In eukaryotes genetic crossovers are responsible for generating genetic diversity and ensuring the proper segregation of chromosomes. Genetic crossovers are tightly clustered in hotspots. Although the existence of hotspots in humans is clearly proven, mechanisms of their formation and the regulation of meiotic recombination in general remain poorly understood. An additional complication in studies of meiotic recombination is the fact that the direct experimental mapping of human hotspots on a genome-wide scale is not feasible with current methods. The best available indirect methods compute the position of hotspots from patterns of historic associations between genetic markers in population samples. In this study we determined the positions of genetic crossovers in ten pedigrees of European origin and then compared the positions of crossovers with the hotspots computed from HapMap data. Importantly, we find that the population-averaged computed map is in close agreement with the observed distribution of genetic crossovers. We also find that cryptic hotspots that are not easily detected in the computed European map can be more effectively identified if other populations are included in the analysis. Our analysis shows that high-resolution recombination profiles are highly similar between distantly related populations and that by including computed hotspots from several populations we can predict nearly all crossovers.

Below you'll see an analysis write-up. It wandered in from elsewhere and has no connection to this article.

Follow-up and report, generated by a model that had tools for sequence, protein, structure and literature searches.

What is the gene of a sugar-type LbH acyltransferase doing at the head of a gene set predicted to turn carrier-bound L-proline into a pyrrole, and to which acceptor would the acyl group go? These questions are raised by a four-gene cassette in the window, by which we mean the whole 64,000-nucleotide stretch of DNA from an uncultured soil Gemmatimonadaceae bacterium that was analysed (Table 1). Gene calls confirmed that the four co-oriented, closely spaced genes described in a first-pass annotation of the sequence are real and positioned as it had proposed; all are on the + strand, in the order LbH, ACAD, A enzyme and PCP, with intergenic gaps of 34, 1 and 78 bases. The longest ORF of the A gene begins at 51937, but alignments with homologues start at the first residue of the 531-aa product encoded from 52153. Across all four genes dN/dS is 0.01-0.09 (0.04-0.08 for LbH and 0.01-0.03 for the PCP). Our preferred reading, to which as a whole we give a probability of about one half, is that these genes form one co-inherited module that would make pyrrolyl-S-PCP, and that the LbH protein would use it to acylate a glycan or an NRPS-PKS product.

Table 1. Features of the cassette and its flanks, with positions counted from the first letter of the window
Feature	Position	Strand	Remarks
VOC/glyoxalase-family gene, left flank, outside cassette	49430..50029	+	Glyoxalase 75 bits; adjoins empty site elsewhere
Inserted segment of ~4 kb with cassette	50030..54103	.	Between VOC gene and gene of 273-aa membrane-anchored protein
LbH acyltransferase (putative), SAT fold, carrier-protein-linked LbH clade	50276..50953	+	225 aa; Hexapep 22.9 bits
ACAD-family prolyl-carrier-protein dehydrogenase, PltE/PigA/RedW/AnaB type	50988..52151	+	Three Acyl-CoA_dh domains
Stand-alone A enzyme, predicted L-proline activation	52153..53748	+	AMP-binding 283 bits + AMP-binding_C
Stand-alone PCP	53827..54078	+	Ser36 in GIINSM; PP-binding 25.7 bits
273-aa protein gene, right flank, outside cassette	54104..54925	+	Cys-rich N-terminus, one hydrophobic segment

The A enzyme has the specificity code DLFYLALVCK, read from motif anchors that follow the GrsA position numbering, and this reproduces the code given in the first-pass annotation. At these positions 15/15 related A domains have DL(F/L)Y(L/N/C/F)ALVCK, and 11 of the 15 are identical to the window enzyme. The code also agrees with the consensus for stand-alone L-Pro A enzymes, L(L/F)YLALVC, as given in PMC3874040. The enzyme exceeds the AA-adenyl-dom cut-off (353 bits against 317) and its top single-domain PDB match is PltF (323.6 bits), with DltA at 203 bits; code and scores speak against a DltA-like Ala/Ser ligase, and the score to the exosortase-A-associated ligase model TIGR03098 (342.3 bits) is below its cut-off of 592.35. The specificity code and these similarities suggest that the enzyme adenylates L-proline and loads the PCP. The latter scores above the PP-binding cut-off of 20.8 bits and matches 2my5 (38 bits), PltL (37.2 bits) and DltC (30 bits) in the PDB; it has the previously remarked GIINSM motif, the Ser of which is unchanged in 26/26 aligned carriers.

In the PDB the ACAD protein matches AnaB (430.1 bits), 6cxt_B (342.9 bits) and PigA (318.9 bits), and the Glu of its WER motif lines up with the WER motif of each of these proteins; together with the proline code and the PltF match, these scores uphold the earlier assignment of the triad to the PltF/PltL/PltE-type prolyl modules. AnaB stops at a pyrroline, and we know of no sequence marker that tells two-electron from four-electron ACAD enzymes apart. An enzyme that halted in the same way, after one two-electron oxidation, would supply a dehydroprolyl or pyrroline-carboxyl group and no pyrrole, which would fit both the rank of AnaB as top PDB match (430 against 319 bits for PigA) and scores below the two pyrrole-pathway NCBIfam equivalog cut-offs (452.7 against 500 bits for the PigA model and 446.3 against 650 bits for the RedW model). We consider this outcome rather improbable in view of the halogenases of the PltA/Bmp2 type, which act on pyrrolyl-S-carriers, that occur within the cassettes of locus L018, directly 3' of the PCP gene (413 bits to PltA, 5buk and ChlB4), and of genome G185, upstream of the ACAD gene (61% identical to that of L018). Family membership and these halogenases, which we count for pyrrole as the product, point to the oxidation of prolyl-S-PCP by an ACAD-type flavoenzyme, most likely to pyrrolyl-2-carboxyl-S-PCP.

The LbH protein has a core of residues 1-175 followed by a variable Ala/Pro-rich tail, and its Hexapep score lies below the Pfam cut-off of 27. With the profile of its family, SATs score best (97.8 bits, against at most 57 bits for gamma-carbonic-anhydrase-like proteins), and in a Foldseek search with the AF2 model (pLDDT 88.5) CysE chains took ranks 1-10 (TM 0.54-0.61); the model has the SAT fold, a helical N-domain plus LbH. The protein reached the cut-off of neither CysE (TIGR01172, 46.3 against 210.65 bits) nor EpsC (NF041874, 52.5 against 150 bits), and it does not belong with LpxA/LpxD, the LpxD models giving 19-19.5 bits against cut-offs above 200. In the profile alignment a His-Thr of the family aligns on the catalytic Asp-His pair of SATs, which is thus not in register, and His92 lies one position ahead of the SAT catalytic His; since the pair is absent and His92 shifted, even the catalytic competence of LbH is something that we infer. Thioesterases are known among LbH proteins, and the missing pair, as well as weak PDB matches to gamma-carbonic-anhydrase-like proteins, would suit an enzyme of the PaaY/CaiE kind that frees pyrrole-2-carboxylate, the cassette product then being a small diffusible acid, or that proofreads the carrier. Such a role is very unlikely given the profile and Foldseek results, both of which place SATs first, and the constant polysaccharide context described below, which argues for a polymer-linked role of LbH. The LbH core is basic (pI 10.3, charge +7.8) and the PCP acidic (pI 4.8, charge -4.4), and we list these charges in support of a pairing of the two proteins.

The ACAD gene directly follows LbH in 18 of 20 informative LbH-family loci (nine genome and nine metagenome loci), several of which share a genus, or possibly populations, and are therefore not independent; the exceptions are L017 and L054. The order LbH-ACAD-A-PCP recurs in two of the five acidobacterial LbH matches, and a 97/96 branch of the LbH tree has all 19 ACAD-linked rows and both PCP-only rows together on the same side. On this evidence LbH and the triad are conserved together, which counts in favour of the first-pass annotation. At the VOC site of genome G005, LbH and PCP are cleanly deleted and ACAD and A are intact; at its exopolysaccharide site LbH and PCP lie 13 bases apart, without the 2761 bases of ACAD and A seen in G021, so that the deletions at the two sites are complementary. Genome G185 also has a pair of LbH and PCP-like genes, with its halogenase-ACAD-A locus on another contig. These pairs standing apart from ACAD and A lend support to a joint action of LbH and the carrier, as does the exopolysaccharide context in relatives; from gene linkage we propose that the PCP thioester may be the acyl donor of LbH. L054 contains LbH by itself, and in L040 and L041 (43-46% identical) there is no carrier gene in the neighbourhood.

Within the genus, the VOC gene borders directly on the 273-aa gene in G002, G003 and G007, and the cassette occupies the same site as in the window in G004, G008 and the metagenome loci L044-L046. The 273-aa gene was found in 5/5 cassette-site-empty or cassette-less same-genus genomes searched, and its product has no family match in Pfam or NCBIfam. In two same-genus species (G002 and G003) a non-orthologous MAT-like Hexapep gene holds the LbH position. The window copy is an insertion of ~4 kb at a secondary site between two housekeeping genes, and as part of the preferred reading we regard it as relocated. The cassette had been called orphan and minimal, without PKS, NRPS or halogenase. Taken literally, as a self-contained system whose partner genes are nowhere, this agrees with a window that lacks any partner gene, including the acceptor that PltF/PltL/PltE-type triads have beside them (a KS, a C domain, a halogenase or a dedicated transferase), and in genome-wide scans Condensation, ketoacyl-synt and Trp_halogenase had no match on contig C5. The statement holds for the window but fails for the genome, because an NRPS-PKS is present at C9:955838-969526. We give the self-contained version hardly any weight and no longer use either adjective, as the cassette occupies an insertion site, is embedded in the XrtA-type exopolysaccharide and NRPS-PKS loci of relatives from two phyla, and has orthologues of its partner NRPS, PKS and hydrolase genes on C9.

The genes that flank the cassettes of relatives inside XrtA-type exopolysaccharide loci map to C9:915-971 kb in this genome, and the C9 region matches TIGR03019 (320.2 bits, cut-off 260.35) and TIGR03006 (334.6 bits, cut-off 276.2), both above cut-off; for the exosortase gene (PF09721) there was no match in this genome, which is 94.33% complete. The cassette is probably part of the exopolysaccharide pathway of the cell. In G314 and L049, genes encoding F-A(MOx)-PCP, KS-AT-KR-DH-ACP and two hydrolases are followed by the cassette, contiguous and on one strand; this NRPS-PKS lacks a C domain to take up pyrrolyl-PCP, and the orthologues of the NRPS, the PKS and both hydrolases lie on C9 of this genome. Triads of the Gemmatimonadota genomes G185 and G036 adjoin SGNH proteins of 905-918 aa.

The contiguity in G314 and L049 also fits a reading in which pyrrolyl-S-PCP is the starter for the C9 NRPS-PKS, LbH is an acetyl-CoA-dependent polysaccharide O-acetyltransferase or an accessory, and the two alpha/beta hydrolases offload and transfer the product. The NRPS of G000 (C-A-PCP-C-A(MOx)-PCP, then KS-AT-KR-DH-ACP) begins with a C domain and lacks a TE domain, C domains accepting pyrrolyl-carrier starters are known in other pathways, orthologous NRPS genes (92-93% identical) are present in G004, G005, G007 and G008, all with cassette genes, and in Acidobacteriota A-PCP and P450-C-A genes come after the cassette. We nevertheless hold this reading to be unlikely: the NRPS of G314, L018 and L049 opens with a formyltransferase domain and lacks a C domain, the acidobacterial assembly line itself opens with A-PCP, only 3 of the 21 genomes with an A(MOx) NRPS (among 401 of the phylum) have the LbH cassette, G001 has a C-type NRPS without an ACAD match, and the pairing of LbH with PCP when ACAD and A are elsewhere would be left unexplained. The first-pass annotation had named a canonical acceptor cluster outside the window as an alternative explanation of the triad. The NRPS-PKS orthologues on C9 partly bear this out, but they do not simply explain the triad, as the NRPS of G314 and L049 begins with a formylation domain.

Demographic models built from genetic data play important roles in illuminating prehistorical events and serving as null models in genome scans for selection. We introduce an inference method based on the joint frequency spectrum of genetic variants within and between populations. For candidate models we numerically compute the expected spectrum using a diffusion approximation to the one-locus, two-allele Wright-Fisher process, involving up to three simultaneous populations. Our approach is a composite likelihood scheme, since linkage between neutral loci alters the variance but not the expectation of the frequency spectrum. We thus use bootstraps incorporating linkage to estimate uncertainties for parameters and significance values for hypothesis tests. Our method can also incorporate selection on single sites, predicting the joint distribution of selected alleles among populations experiencing a bevy of evolutionary forces, including expansions, contractions, migrations, and admixture. We model human expansion out of Africa and the settlement of the New World, using 5 Mb of noncoding DNA resequenced in 68 individuals from 4 populations (YRI, CHB, CEU, and MXL) by the Environmental Genome Project. We infer divergence between West African and Eurasian populations 140 thousand years ago (95% confidence interval: 40–270 kya). This is earlier than other genetic studies, in part because we incorporate migration. We estimate the European (CEU) and East Asian (CHB) divergence time to be 23 kya (95% c.i.: 17–43 kya), long after archeological evidence places modern humans in Europe. Finally, we estimate divergence between East Asians (CHB) and Mexican-Americans (MXL) of 22 kya (95% c.i.: 16.3–26.9 kya), and our analysis yields no evidence for subsequent migration. Furthermore, combining our demographic model with a previously estimated distribution of selective effects among newly arising amino acid mutations accurately predicts the frequency spectrum of nonsynonymous variants across three continental populations (YRI, CHB, CEU).